Opinion: It’s OK not to have big plans for Valentine’s Day

The holiday often creates unrealistic expectations, but it doesn’t have to be that way.

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Megan Conroy

A bouquet of roses is seen at Beno's Flowers and Gifts on February 12, 2019.

Signe Nettum, Columnist


In elementary school, I decorated a brown paper bag in the hope of earning the most valentines from my classmates. The best-decorated bag usually earned the most pieces of paper with your name and a classmate’s name.

In middle school, I gave a card to my crush on Valentine’s Day. Later that day, I found the crudely made letter in the trashcan of a classroom we shared. A friend invited me to her Galentine’s get-together when she heard of my broken heart.

In high school, multiple classrooms would be filled with singing valentines — choir kids for-hire to sing cheesy love songs — each sent by sweethearts; I would send them to my friends who did not like being the center of attention. The next year, my schedule was filled with singing valentines, singing cheesy songs while passing out Hershey’s Kisses.

Last year, I tried to boost my spirits and calm my anxiety by planning a small dinner-and-movie date with my then-boyfriend. He did not think we had a strong enough connection to warrant a fancy dinner and instead opted for a coffee date.

Safe to say, I have a well-harbored wariness for the holiday.

Thankfully, through proper communication — a combination of frantic texts and long face-to-face conversations — my current boyfriend and I have gone through all of the different dates we could have this Valentine’s Day.

We decided not to add the unnecessary stress of planning an elaborate date on the labeled day. Since we started dating, we always have Friday dates. Valentine’s Day will not be different; it is just a Friday with a different name. The date could either be a home-cooked meal in a small kitchen or a quick dinner at a restaurant before a movie or TV marathon.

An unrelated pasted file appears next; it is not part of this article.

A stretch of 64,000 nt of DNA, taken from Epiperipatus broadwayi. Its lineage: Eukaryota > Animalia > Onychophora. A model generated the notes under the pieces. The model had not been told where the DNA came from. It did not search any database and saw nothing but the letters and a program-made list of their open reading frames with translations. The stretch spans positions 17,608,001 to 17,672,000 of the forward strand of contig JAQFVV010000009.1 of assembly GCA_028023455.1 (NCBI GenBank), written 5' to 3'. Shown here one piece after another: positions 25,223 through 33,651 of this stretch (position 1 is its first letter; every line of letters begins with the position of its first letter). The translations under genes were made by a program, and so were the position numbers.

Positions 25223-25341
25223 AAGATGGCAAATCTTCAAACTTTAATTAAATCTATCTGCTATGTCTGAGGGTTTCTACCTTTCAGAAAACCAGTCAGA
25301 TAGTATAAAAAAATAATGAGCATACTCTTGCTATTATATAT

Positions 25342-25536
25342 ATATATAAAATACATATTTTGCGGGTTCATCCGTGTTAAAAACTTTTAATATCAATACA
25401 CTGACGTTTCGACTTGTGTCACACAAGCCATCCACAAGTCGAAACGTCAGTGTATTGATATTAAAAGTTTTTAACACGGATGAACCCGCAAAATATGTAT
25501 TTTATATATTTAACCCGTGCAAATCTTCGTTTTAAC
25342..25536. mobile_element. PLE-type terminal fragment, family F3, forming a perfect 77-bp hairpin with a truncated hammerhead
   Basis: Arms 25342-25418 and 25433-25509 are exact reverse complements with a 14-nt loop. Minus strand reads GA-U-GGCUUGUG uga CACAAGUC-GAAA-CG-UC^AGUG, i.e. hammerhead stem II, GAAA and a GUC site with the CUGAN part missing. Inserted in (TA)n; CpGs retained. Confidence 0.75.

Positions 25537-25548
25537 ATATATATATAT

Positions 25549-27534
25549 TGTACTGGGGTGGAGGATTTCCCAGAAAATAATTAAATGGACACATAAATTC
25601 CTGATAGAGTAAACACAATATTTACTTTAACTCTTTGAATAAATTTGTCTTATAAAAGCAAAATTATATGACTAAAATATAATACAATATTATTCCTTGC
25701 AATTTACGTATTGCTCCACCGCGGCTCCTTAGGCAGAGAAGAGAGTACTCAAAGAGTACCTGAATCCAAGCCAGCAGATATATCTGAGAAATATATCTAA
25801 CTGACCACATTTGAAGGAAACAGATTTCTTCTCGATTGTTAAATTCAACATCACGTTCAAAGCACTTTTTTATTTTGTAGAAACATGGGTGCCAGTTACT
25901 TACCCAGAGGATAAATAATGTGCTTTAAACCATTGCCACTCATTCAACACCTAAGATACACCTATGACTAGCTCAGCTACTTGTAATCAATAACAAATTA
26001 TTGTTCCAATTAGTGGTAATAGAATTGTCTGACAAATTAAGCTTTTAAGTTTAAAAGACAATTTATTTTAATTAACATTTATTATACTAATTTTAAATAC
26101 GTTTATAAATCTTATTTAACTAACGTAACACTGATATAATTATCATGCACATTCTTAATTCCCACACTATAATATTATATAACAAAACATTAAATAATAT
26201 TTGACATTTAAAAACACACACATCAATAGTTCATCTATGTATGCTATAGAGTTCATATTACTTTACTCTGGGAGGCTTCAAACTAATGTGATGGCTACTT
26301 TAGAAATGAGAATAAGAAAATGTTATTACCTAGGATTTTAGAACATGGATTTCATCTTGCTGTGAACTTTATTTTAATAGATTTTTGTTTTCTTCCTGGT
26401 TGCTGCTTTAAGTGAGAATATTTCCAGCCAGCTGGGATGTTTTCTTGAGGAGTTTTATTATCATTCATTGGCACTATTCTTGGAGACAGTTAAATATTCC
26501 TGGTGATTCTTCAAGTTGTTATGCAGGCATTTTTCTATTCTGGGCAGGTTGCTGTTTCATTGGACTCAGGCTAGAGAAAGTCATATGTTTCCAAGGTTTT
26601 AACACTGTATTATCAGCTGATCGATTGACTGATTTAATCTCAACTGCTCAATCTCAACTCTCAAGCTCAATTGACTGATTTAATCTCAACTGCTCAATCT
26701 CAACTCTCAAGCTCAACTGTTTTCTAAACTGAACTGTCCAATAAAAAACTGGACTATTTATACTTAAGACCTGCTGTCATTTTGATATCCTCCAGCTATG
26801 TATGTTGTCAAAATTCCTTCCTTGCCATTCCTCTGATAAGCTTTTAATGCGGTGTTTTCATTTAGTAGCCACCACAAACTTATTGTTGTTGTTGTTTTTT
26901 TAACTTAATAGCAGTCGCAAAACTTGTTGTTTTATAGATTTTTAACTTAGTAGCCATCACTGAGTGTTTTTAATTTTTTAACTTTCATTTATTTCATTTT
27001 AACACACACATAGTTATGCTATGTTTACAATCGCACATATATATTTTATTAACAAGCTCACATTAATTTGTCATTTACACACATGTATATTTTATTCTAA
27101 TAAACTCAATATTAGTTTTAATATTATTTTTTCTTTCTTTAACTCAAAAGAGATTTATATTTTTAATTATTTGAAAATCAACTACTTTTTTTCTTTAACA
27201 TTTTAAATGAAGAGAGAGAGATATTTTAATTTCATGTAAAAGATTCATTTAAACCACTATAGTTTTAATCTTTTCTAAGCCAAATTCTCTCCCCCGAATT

If you want to order a pizza and stay in and watch a sappy rom-com, be my guest.”

With the worthless expectations thrown away, we each reminisced about the traditions our families have on holidays or special days. I learned that almost every birthday growing up, he hosted a pizza party and invited all of his friends to his house. If we had the time, my family and I made heart-shaped pizzas on Valentine’s Day.

Since moving onto college and leaving our homes, we missed the small events we would have with the people we cared for. When we both realized we had a shared connection over pizza parties, we decided to try to make our own pizzas for dinner. Instead of making them from fresh pizza dough, or buying a pizza from a take-out place, we would make them from semi-scratch — we are college students, after all, not proper chefs.

While it may seem special to an onlooker, it is a typical Friday night dinner for us, the only attribution being the shape of the pizza.

You don’t need to make Valentine’s Day a big deal if you do not want to. Talk to your partner, discuss what you think of the holiday. If you want to plan, then plan. If you want to be spontaneous, get ready for some bumps in the road. If you want to order a pizza and stay in and watch a sappy rom-com, be my guest.

Make it as special or as unspecial if you want. As long as you and your partner communicate and either want to accept the cultural belief of going over the top of your date or not, the day will go a lot smoother.

As for my Valentine’s Day plans, I’ll be eating homemade pizza, watching The Mandalorian, and playing Magic: The Gathering.


Columns reflect the opinions of the authors and are not necessarily those of the Editorial Board, The Daily Iowan, or other organizations in which the author may be involved.


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